Here’s where pre-qualification comes in. One of the core principles is that acquisition and experience are inter-related and inter-dependent. This means that if you want to understand whether or not content is working (creating lift of some kind), then you have to understand the pre-existing state of the audience that consumes that content. Content with a 100% success rate may suck. Content with a 0% success rate may be outstanding. It all depends on the population you give them. Every single person in line at the DMV will stay there to get their license. That doesn’t mean the experience is a good one. It just means that the self-selected audience is determined to finish the process. We need that license! Similarly, if you direct garbage traffic to even the best content, it won’t perform at all. Acquisition and content are deeply interdependent. It’s impossible to measure the latter without understanding the former.

Fortunately, there’s a simple technique for measuring the quality of the audience sourced for any given content area that we call pre-qualification. To understand the pre-qualification level of an audience at a given content point, we use a very short (typically nor more than 3-4 questions) pop-up survey. The pre-qualification survey explores what use-case visitors are in, where they are in the buying cycle, and how committed they are to the brand. That’s it.

It may be simple, but pre-qualification is one of the most powerful tools in the digital analytics arsenal and it’s the key to a successful continuous improvement methodology.

First we segment. Then we measure pre-qualification. With these two pieces we can measure content performance by visitor type, use-case and visitor quality. That’s enough to establish which content and which marketing campaigns are truly underperforming.

How?

Hold the population, use-case and pre-qualification level constant and measure the effectiveness of content pieces and sequences in creating successful outcomes. You can’t effectively measure content performance unless you hold these three variables constant, but when you control for these three variables you open up the power of digital analytics.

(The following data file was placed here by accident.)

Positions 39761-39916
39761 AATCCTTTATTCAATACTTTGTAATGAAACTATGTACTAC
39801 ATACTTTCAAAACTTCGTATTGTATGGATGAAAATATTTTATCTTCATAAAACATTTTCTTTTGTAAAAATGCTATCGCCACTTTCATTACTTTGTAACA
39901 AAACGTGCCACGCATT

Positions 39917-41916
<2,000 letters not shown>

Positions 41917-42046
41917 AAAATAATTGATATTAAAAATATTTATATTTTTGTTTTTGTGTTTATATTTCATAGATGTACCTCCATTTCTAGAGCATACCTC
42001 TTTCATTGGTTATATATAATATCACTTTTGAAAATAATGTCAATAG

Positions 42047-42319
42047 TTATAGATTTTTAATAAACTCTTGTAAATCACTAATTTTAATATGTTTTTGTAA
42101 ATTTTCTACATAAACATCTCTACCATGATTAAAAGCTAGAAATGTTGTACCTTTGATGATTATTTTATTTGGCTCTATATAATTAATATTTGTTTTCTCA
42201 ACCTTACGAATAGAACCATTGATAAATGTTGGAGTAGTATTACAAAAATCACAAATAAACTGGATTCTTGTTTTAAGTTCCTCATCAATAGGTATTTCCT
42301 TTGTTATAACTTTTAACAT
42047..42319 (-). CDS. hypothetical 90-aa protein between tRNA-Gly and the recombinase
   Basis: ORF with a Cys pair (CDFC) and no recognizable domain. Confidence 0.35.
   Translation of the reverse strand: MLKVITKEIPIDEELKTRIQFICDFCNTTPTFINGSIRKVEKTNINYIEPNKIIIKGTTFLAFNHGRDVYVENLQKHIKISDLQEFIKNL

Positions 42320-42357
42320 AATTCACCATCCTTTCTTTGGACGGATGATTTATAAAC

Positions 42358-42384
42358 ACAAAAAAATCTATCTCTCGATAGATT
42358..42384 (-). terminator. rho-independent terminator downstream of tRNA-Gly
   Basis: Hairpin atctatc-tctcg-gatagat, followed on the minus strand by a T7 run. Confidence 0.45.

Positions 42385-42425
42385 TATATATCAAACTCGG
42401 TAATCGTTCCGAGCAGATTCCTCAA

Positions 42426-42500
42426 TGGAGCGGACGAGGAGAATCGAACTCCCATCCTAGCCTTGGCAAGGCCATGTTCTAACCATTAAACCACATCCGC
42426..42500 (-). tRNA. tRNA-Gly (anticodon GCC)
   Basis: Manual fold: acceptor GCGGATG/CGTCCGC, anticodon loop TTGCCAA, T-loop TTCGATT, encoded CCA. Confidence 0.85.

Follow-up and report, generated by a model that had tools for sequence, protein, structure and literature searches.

We now have a way to target potential improvement areas – just pick the content with the worst performance in each cell (visitor type x visit type x qualification level).

But there is much more that we can do with these essential pieces in place. By evaluating whether content underperforms across all pre-qualification levels equally or is much worse for less qualified visitors, you can determine if the content problem is because of friction (see guiding principle #3).

Friction problems tend to impact less qualified visitors disproportionately. So if less qualified visitors within each visitor type perform even worse than expected after consuming a piece of content, then some type of friction is likely the culprit.

Further, by evaluating content performance across visitor type (within use-case and with pre-qualification held constant), you have strong clues as to whether or not there are personalization opportunities to drive segmentation improvement.

Finally, where content performs well for qualified audiences but receives a disproportionate share of unqualified visitors, you know that you have to go upstream to fix the marketing campaigns sourcing the visits and targeting the content.

Segment. Pre-Qualify. Evaluate by qualification for friction and acquisition, and by visitor type for personalization.

Step four is to explore what to change. How do you do that? Often, the best method is to ask. This is yet another area for targeted VoC, where you can explore what content people are looking for, how they make decisions, what they need to know, and how that differs by segment. A rich series of choice/decision questions should create the necessary material to craft alternative approaches to test.

You can also break up the content into discrete chunks (each with a specific meta-data purpose or role) and then create a controlled experiment that tests which content chunks are most important and deliver the most lift. This is a sub-process for testing within the larger continuous improvement process. Analytically, it should also be possible to do a form of conjoint analysis on either behavior or preferences captured in VoC.

Segment. Pre-Qualify. Evaluate. Explore.

Now you’re ready to decide on the next round of tests and experiments based on a formal process for finding where problems are, why they exist, and how they can be tackled.